mocoNews - UPDATE: Microsoft's Mobile Marketplace Will 'Not' Have A Viral Component; Windows 6.5 Is Done

Tricia Duryee
Friday, May 22, 2009; 5:00 PM

UPDATE: While users will be able to reinstall applications on new Windows Mobile phones, Microsoft (NSDQ: MSFT) issued a statement today, saying that users will not be able to share the apps with anyone else, as originally reported by ComputerWorld. The report in ComputerWorld has been updated to correct the error.

In a statement, Microsoft said: "Microsoft knows the frustration of losing favorite apps and personal information when you lose, upgrade, or add a phone. For this reason, if you buy an application on Windows Marketplace for Mobile, you'll be able to reinstall the application on a limited number of additional phones simply and free of charge. As outlined in the terms of use for Windows Marketplace for Mobile, this ability is limited to phones owned by the person who purchased the application. Application sharing is not permitted."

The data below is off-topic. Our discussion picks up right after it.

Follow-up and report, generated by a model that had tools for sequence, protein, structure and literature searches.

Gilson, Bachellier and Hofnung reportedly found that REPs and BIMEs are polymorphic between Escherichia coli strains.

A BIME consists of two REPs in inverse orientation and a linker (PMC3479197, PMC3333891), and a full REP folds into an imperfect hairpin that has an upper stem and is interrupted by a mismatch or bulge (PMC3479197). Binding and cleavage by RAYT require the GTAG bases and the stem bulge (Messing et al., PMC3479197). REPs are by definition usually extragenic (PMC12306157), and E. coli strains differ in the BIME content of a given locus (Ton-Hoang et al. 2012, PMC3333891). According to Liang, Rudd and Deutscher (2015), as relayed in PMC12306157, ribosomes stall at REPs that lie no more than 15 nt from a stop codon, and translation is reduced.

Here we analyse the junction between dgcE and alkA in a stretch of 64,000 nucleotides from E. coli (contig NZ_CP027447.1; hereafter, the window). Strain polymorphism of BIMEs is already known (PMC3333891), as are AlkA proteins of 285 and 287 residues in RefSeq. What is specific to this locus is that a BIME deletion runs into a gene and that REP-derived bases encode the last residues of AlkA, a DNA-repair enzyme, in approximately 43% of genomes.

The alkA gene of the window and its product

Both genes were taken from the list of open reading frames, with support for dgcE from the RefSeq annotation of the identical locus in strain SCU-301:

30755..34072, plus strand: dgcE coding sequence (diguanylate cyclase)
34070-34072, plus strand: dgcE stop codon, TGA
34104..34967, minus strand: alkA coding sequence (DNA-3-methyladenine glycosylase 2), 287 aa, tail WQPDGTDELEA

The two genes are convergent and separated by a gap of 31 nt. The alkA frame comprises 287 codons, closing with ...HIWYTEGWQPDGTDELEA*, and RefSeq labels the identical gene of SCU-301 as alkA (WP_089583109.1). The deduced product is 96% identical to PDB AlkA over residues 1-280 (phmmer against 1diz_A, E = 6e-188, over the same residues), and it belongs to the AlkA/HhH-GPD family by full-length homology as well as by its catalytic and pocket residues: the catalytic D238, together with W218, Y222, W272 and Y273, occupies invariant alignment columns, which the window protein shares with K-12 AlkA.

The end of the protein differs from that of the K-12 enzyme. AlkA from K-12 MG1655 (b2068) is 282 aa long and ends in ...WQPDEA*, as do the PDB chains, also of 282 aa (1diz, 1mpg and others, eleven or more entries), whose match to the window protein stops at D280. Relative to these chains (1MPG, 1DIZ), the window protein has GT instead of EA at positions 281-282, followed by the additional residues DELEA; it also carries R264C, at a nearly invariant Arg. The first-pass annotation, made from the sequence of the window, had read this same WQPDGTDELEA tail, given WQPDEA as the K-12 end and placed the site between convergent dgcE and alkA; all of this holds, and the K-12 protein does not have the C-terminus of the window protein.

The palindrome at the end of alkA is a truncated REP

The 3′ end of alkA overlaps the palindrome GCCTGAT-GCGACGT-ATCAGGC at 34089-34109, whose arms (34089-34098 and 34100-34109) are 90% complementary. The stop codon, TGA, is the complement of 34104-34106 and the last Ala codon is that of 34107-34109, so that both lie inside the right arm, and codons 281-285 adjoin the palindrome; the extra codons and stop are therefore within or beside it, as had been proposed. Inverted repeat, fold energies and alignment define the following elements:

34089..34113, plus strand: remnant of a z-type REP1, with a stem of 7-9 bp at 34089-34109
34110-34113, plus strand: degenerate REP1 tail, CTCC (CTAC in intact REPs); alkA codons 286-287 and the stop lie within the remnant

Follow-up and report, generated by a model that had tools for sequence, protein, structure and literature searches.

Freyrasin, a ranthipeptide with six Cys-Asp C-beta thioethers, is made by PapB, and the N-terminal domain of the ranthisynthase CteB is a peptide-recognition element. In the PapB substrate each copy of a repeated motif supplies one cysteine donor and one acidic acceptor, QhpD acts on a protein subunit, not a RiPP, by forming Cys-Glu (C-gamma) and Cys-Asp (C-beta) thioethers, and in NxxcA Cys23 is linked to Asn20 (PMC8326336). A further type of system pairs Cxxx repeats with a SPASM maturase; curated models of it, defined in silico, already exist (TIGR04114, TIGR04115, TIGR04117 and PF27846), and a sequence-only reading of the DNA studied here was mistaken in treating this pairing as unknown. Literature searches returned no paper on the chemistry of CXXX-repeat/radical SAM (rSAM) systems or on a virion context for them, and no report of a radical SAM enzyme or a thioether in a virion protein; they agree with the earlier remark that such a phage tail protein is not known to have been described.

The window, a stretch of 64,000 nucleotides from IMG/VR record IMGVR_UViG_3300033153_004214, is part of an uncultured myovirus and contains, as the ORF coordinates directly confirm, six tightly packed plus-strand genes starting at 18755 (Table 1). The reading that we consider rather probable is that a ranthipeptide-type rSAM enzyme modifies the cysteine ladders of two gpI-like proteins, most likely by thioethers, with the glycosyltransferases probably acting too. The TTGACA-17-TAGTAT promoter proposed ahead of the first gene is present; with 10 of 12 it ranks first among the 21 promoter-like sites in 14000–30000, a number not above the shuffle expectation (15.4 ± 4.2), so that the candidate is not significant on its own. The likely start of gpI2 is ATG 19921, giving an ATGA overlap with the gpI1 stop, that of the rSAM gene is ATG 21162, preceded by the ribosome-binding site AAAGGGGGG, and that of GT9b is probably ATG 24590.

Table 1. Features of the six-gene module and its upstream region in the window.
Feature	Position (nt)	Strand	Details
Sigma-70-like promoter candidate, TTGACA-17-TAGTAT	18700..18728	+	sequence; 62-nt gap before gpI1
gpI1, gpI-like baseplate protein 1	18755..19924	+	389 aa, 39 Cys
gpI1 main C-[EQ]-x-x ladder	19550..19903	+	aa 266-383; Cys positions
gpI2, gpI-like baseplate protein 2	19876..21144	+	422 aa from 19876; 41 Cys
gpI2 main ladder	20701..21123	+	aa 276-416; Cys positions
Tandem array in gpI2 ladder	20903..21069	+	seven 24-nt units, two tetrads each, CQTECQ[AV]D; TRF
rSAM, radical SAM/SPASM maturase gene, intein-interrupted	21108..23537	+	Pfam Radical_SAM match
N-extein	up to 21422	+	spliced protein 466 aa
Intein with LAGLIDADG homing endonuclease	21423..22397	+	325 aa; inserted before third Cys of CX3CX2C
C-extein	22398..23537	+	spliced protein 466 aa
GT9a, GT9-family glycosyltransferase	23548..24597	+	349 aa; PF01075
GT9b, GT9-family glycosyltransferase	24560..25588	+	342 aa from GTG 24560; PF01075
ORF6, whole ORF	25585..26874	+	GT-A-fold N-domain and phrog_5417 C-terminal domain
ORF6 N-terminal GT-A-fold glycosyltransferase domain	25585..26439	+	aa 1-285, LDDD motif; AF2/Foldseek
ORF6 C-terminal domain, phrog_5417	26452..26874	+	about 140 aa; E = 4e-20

White it's not a surprise that the feature is primarily aimed at customers who own multiple Windows smartphones and want to use the app on each phone, or use it even when they upgrade to a new device, it could have been an interesting viral component of the Marketplace, where users could swap apps and encourage each other to download new ones.

Microsoft has not said when the Marketplace will launch, other than that it will be available on Windows Mobile 6.5 handsets, which are due out later this year. Separately, the Windows Mobile development team announced via Twitter last Friday that Windows Mobile 6.5 is "done," according to ZDNet's Mary-Jo Foley. There's no official word on what this might be, but since the handsets are expected out until the Fall, you can assume it means that it's ready for the manufacturers. UPDATE: ComputerWorld notes an interesting video posted by Microsoft before the announcement on Twitter. Senior project manager Loke Uei Tan said because of the tight development timeframes, the team ran out of time and dropped some features: "We only spend what, eight months, nine months, to build 6.5 from ground up and it's actually an amazing engineering feat," Tan said. "But, in order to do that, we had to do some prioritization and we had to cut certain features."

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